Monday, January 7, 2008
Emptiness, who will fill it?
I just got done watching Ingmar Bergman's The Seventh Seal from 1957. It is always fun to see what Netflix will next delivery.
The Seventh Seal is anachronistically set at the end of a crusade coinciding with the Black Death. Obviously, there is much despondency and despair, both from the experience of the Crusade as well as the horror of the black plague. As I watched knight Antonius Block vie with Death over a game of chess, I was struck again and again by Bergman's portrayal of despair of life. Through Block, we find little hope for him or others: we encounter liars, thieves, adulterers, rapists, cheats, manipulative priests, and more. For whom there is no hope, only a pity quite different from mercy.
Towards the end there is an accused witch to be burned at the stake. Block and his squire, Jons, talk with her to find out what she sees, looking at the roaring fire that is her death. Jons afflicts Block with his questions: who will care for her? God? Angels? Saints? Satan? Jons says that only emptiness awaits. "She sees what we see, emptiness, and now our terror is hers."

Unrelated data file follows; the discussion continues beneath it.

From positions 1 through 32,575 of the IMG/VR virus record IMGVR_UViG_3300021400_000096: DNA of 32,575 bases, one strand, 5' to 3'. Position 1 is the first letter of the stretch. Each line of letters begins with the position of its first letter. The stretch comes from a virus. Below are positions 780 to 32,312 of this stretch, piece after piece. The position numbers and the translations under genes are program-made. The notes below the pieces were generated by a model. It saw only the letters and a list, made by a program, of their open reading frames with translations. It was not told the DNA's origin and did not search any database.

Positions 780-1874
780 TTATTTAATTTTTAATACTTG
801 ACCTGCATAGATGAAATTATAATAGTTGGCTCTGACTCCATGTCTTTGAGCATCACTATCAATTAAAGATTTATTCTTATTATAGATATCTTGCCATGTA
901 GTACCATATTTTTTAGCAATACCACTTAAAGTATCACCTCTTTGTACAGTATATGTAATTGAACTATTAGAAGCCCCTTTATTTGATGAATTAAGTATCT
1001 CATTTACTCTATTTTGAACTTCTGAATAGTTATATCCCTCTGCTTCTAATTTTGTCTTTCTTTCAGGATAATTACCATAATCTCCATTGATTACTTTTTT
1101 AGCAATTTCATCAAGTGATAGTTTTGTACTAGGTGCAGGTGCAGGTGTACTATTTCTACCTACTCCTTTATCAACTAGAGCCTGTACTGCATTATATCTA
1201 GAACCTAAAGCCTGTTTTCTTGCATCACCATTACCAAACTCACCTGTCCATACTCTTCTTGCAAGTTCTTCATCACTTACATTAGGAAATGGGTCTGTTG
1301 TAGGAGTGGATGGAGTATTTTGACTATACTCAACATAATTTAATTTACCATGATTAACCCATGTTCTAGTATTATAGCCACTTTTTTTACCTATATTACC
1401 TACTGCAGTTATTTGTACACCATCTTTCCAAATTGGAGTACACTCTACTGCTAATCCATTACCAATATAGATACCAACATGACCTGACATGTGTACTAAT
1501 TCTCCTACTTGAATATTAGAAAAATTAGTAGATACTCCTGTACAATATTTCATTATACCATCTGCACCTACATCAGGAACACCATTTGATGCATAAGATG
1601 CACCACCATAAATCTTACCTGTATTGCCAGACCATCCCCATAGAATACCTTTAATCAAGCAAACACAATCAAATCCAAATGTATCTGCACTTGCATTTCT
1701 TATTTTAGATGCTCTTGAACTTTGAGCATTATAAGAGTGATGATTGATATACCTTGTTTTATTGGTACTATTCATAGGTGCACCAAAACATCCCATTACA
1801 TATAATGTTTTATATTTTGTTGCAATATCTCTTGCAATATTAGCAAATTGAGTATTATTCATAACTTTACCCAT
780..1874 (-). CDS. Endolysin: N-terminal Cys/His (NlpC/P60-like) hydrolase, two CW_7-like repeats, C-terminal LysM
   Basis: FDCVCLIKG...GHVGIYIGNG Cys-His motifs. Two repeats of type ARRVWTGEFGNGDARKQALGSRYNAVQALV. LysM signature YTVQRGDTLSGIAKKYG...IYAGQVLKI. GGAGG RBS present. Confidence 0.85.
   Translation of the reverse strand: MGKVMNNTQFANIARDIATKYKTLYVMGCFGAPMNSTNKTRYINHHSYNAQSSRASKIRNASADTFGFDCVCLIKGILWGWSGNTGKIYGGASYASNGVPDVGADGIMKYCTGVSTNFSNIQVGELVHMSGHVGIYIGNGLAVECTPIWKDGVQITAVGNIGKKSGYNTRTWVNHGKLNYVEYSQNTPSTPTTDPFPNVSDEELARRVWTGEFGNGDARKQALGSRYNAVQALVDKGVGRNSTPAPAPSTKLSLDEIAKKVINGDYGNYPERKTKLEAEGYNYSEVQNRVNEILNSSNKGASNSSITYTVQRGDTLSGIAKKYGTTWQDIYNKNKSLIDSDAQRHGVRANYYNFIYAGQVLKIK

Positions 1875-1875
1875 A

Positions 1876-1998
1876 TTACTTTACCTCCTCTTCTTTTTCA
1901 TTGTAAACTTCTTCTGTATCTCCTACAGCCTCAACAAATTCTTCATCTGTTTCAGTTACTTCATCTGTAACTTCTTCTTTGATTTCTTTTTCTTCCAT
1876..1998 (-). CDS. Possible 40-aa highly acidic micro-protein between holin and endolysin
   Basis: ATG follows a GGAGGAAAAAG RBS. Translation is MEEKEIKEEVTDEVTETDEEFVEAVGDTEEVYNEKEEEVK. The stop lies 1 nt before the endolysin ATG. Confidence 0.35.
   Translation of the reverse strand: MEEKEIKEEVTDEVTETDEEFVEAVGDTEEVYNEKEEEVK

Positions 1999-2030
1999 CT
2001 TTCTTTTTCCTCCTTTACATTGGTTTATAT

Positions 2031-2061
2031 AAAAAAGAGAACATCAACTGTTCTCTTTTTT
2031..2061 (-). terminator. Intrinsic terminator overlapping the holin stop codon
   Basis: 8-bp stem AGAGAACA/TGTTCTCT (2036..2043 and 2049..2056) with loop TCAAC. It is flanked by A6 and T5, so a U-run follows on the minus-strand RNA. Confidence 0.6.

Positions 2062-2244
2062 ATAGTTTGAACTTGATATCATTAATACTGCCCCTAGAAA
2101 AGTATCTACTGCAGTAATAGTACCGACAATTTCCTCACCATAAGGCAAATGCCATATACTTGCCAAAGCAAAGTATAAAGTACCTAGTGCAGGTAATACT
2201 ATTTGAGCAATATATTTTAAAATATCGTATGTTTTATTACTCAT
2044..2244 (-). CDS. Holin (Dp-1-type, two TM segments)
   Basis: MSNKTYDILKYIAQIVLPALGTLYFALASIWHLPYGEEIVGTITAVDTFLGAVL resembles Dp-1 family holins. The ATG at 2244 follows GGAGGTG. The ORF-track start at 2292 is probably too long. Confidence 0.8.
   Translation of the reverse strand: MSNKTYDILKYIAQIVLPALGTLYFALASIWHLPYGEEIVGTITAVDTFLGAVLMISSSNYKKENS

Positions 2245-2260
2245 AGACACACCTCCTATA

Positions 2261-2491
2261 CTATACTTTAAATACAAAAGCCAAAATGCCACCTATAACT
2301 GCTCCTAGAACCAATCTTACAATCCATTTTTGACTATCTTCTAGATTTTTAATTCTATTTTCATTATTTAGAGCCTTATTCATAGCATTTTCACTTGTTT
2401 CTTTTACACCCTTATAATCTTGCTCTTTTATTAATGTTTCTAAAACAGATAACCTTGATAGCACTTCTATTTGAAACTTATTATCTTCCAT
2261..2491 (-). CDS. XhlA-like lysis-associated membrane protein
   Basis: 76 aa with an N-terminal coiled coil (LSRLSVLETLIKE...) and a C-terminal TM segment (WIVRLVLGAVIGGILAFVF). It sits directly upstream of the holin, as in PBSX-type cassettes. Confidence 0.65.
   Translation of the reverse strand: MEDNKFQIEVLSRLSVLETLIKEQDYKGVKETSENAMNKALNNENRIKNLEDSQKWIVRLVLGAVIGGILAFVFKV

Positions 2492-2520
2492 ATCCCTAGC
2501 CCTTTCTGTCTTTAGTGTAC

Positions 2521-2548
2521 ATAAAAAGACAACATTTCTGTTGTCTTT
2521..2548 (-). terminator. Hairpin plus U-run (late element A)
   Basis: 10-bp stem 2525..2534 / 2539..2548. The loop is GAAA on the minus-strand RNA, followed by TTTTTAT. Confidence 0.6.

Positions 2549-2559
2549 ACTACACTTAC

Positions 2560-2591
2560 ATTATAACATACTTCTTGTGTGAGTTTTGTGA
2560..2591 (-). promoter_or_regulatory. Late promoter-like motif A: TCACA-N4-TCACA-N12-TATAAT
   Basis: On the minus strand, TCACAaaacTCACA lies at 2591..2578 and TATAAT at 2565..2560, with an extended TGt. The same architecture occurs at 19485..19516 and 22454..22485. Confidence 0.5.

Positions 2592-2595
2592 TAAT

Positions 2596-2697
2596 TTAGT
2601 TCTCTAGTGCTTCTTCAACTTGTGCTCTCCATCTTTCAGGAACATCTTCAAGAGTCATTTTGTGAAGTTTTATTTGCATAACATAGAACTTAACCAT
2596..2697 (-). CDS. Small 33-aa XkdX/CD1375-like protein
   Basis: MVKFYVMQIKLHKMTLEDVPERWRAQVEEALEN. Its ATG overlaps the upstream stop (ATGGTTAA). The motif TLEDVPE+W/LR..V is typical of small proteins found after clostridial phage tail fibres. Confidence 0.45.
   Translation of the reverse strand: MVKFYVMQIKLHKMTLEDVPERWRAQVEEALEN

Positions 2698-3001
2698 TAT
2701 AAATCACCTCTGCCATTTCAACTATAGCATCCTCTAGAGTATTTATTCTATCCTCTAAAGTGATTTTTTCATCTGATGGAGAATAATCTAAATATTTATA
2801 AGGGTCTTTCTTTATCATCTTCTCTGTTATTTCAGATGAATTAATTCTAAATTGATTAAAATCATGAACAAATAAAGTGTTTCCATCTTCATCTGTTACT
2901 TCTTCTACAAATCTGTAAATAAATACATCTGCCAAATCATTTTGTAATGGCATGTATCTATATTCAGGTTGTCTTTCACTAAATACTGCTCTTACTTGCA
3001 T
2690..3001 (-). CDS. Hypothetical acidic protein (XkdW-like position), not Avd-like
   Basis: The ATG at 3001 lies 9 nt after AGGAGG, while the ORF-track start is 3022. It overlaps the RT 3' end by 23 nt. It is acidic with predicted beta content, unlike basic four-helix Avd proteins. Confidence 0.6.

"She sees what we see, emptiness, and now our terror is hers." There is nothing beyond, no ultimate purpose, no rationale, no hope. For Jons, who admits it, and for Block, who fights it, there seems only despair. Block is different and eventually sees hope in Joseph, Mary, and Michael- the young family, and even cries out at the moment of his own death, searching for a God somewhere to save him, echoing his earlier thoughts on faith. But in the end his prayer is unanswered and he dies.
What inspires this movie? Is it post-war Europe? The despondency of the Holocaust and wasted life? How is it evoked in a Swedish production? How different are they from today? Does hope exist outside of my own two hands, my IRA, or my comforts? We need hope, we need someone, not something, someone to fill that emptiness. We need Jesus Christ.
We need to show others how Jesus Christ is the answer to our emptiness, our own despondency and despair. Otherwise the world will be populated by with Antonius Blocks who say "Faith is a torment. It is like loving someone who is out there in the darkness but never appears, no matter how loudly you call."